Annotated Bibliography

Bauer, W. I., Reese, S., & McAllister, P. A. (2003). Transforming music teaching via technology: The role of professional development. Journal of Research in Music Education, 51, 4, 289-301.

This paper described a research study involving music educators from grades K-12. The articles survey or previous literature pointed out that while music teachers may be comfortable with technology for administrative tasks in general, they don’t implement it in the classroom as well. The teachers took part in a 1 week summer workshop that focused on technology for music education and methods for implementing that technology. Participants answered a questionnaire about their ability and comfort using technology to teach music both before and after thew workshop. Since half of undergraduate music majors in the USC School of Music are majoring in music education, I thought it would be good to look at some of the literature that concerns itself with music education and technology.

Cox, E. J. (2007). Music across campus. Music Reference Services Quarterly, 9, 4, 25-41.

This paper outlines a survey done of Iowa higher education institutions in 2006. The survey sought to determine how many school libraries were utilizing audio streaming, the reasons why many school were not, and the intricacies of their implementations. The study determined that, even though streaming was fairly well developed at that time, only a small percentage of school libraries had streaming services. The common factor cited was funding, both for infrastructure and staff. A majority of the survey responses highlighted copyright issues as primary concern. Most established audio streaming systems satisfy this concern by utilizing streaming instead of downloads, limiting access to enrolled students and faculty, requiring user authentication, and limiting the streaming to material owned by the library. This article reinforced the information I had been given by the USC Music Librarian and the decisions we made based on our discussions. Namely, that the audio for the enhanced listening excerpts must come from the USC Music Library holdings, it must be offered for streaming and not downloads, and the material will only be accessed from within the Blackboard site for the class.

Duggan, B., & O’Shea, B. (2011). Tunepal: searching a digital library of traditional music scores. OCLC Systems & Services: International digital library perspectives, 27, 4, 284-297.

Duggan and O’Shea are both researchers and lecturers for the School of Computing in the Dublin Institute of Technology. This paper is a case study of the database, website, and software they develop called Tunepal. Tunepal provides a means of searching musical scores by content. The scores themselves are limited to single-line traditional melodies, but the database contains over 16,000 compositions. These compositions are encoded into a simple text format representation that can be searched, presented as a score, or played as audio. The writers also developed an iOS app that provides access from iOS devices. A user can sing or play a melody, and the Tunepal site will analyze their performance and find matching melodies in the database. Though at this time the system only works with single line melodies, I can imagine more complex pieces, even orchestra scores being implemented in a similar way. The search mechanism - ‘query-by-playing’ - is where this system is truly unique. I can see potential for exposing the MUSC 100L student to traditional/world/folk music partially through the use of Tunepal.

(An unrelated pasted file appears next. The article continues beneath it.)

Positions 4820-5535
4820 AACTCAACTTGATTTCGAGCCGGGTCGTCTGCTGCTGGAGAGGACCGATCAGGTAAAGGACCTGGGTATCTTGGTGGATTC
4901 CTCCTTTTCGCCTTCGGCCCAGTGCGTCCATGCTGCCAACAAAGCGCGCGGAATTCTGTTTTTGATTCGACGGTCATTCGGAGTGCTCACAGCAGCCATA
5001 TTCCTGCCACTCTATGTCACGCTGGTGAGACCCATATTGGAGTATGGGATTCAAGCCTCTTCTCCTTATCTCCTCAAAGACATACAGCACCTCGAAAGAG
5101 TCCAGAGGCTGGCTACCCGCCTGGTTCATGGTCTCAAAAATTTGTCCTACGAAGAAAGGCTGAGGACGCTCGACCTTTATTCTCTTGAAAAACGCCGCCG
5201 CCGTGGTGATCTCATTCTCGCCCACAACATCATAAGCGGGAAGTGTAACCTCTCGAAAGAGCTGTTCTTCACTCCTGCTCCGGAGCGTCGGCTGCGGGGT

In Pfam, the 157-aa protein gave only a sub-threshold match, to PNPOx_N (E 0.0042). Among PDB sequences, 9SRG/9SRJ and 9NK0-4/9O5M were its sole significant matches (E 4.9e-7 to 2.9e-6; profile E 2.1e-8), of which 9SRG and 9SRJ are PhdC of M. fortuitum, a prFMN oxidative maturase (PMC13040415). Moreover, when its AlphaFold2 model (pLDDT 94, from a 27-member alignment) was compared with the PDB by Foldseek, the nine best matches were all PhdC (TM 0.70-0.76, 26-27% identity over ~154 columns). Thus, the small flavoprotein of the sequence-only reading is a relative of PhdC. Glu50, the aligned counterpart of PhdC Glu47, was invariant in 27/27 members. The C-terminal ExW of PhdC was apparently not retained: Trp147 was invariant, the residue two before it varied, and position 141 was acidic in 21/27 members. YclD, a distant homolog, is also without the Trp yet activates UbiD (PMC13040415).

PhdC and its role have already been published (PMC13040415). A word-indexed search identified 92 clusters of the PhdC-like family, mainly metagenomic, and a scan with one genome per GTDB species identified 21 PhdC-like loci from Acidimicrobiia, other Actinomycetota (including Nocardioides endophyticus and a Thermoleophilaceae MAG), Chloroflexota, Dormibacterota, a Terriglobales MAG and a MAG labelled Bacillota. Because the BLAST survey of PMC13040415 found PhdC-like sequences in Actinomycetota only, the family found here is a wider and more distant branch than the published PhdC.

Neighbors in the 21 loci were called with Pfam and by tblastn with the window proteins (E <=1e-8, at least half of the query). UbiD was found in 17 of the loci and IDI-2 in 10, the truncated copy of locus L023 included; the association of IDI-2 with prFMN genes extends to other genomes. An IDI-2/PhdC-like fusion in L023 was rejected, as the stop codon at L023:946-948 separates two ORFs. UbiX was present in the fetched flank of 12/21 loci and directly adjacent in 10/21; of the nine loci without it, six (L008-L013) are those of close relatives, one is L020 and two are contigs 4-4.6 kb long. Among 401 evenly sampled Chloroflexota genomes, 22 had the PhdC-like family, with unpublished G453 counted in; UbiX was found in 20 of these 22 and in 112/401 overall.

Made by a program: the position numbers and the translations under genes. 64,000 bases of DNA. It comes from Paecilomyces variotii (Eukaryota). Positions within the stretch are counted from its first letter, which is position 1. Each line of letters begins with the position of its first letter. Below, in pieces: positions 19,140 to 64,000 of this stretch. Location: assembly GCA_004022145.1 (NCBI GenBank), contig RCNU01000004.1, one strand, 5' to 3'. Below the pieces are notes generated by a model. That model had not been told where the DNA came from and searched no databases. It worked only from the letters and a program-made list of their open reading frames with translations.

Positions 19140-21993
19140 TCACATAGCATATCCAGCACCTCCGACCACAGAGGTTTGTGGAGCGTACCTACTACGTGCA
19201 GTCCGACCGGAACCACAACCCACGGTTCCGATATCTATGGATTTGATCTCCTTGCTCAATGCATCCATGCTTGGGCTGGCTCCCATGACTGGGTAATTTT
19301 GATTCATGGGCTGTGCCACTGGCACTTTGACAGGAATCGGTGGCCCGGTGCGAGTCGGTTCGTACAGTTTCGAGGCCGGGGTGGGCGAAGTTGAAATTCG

Durbridge, N.H., & Stratfold, M.P. (1996). Varying the texture: A study of art, learning and multimedia. Journal of Interactive Media in Education, 96 (1).

This article provides a great overview of instructor and learner perspectives for subjective disciplines such as literature, art, and music. Of particular interest was the discussion of perceptual and conceptual frameworks. Much of music analysis is somewhat subjective and is built on concepts of form and structure. Often beginning students lack a firm grasp of these concepts. For instructors these concepts are second nature and they have difficulty remembering when they too had these difficulties. Likewise, beginning students have difficulty feeling that they are qualified to critique what may be considered ‘high art’. I have noticed this in discussions with the two course designers. Here my many decade distance from my music history and analysis courses helps me to think as a college freshman.

Flowers, P. (1983). The Effect of instruction in vocabulary and listening on nonmusicians' descriptions of changes in music. Journal of Research in Music Education. 31, 3, 179-189.